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Poesia e Destino. How Italy read Goethe's Werther

Poesia e destino

How Italy read Werther

An exhibition at the Museum Casa di Goethe

curated by Maria Gazzetti

From 24 May to 20 September 2019 Casa di Goethe - the only German museum abroad - presents "Poesia e destino. How Italy read Werther". The exhibition is dedicated to the Italian success story of Goethe's famous epistolary novel "The Sorrows of Young Werther" and coincides with "Goethe: Verwandlung der Welt (Transformation of the World)" (exhibit at Bundeskunsthalle Bonn in collaboration with Casa di Goethe, Klassik Stiftung Weimar, Goethehaus Frankfurt and Goethe-Museum Düsseldorf. Patronage: President of Germany Frank-Walter Steinmeier).

His unhappy love for Charlotte Buff inspired Goethe to create Werther, which he confidently put on paper in an infallible style in only four weeks. The book published in Leipzig in 1774 - manifesto of an entire generation - is an indescribable success that reaches far beyond borders. The contemporary youth starts to dress in the so-called Werther style, with a blue jacket and yellow waistcoat. With the little book in their pockets, many young people commit suicide. Imitation acts, as is the case today with the social phenomenon of constant "likes" and "shares" on social media.

This certainly was not Goethe's intention. With the Wertherian realization of a deceptive and finite existence, Goethe actually wanted to communicate to his readers that life can be redeemed through art. Goethe sacrificed Werther and thus became the poet he was. To this day, this masterly early work touches young readers in particular.

Already during his journey to Italy (1786-1788), the poet was confronted with the great success of his novel. On February 1, 1788, he wrote in Via del Corso 18, where today the Casa di Goethe is located: "Here they sect me with the translations of my Werther and show them to me and ask which one is the best, and if everything is true! This is now a disaster that would haunt me all the way to India."

In the show curated by museum director Maria Gazzetti, editions and illustrations from German libraries and museums tell the story of the edition of the famous epistolary novel. Cult objects such as a "Lotte und Werther" porcelain cup from 1775 from the Goethehaus in Frankfurt also shed light on the bestseller status of the work.  Also on display are the most important editions from the extensive Goethe Special Library of Casa di Goethe, including the rare German first edition from 1774.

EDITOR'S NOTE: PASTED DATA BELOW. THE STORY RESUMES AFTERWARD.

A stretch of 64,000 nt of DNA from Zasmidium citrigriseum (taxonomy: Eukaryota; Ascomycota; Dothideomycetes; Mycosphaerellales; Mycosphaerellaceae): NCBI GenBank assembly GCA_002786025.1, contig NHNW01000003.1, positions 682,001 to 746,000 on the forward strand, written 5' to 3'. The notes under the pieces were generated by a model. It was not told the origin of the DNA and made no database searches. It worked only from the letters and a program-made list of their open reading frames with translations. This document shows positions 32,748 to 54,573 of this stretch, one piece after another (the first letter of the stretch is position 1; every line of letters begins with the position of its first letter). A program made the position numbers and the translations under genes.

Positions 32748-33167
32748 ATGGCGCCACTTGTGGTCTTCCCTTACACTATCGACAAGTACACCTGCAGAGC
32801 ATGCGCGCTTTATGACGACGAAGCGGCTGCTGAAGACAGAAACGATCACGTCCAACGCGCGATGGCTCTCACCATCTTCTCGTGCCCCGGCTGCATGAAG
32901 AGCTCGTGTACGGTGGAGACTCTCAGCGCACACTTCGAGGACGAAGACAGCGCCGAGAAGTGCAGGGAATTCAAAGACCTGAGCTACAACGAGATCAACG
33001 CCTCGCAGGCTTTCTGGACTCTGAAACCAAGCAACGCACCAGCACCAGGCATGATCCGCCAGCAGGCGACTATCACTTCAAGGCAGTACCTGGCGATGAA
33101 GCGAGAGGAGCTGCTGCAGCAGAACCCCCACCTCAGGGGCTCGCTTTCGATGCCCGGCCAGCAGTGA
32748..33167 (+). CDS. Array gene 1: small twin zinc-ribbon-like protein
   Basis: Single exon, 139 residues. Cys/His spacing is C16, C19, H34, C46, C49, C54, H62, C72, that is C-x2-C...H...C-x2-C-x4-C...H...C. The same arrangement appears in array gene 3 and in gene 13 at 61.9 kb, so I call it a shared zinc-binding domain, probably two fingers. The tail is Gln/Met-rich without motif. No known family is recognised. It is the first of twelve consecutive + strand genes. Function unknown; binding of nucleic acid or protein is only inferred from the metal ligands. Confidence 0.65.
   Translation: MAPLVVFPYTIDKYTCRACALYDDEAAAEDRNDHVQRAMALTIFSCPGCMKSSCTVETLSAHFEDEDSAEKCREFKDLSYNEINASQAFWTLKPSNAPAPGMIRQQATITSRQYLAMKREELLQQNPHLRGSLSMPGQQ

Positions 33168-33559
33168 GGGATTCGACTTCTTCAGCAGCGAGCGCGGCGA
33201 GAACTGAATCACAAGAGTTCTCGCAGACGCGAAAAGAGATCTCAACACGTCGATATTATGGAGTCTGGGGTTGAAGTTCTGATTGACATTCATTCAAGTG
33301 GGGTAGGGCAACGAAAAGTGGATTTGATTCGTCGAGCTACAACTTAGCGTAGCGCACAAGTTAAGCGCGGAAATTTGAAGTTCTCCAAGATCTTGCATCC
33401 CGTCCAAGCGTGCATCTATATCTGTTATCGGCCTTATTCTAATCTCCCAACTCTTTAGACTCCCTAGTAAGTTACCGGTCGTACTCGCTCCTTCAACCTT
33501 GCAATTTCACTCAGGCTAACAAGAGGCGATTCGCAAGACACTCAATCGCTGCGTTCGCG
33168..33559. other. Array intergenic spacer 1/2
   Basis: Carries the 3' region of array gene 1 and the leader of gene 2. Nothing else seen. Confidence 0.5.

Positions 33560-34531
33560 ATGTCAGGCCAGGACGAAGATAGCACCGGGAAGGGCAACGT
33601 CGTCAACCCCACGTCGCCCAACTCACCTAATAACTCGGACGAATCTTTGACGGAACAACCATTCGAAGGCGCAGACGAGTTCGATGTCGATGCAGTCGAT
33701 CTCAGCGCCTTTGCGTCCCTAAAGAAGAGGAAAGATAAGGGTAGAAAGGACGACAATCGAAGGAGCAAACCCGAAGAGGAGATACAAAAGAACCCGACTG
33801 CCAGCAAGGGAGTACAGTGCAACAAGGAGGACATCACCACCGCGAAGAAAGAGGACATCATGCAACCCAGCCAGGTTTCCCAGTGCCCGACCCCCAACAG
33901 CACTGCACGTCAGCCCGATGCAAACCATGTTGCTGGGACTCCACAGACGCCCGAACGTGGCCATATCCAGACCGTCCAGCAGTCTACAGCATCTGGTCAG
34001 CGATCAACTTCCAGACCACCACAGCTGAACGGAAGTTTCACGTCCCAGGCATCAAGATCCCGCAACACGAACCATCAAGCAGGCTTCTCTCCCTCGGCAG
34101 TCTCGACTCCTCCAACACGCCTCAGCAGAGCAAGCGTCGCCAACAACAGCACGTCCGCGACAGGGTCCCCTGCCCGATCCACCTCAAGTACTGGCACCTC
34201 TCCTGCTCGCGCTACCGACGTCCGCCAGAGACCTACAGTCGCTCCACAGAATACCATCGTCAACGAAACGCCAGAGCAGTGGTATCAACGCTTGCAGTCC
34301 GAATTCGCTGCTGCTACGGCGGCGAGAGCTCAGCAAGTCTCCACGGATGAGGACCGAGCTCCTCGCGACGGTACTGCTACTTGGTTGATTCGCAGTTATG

At the center, however, are the first Italian Werther translations, such as the 1782 version printed in Poschiavo.

The exhibition includes the well-known watercolour "Goethe at the Gulf of Naples" by J. H. W. Tischbein (on loan from the Museo San Martino, Naples), which shows the poet in his Werther costume, as well as other works and illustrations by Italian artists.

Two influential Italian poets have played an important role in the Italian reception of Werther: Ugo Foscolo and Giacomo Leopardi. A highlight of the exhibition is the original Werther copy translated by Michiel Salom from Leopardi's personal library in Recanati.

The Last Letters of Jacopo Ortis by Ugo Foscolo refer evidently to Werther.  In 1802 Foscolo wrote to Goethe and introduced himself as a young writer who sends his "first volume" to the poet. The letter was made available for the Roman exhibition by "Goethe- und Schiller-Archiv" in Weimar. It is another highlight and one of the most important historical documents presented.

Goethe's Werther has always been a source of inspiration for the Italian literary world - from Monti to Guido Gozzano, from Giovanni Giudici to the editions edited by Paola Capriolo and Aldo Busi.

The last part of the exhibition is devoted to contemporary confrontations with Werther. Some examples of Italian editions from the 20th century will be shown.  The exhibition concludes with photographic works by Maria Di Stefano. For two years the young artist, inspired by the "modern spirit of the work", has been working on a "Werther homage" in the form of portraits of contemporaries. One of the photographs was selected for the invitation card and exhibition brochure. Furthermore, the Italian artist Luigi Ontani has created a ceramic book object specifically for the Roman exhibition, dedicated to one of Werther´s first Italian editions.

An audio station enables the rediscovery or discovery of this epoch-making work of world literature. The well-known Italian actor Neri Marcorè has read several passages exclusively for the Casa di Goethe. 

In front of a "Werther background", visitors can take souvenir photos of their visit to the museum at the "Selfie Point".















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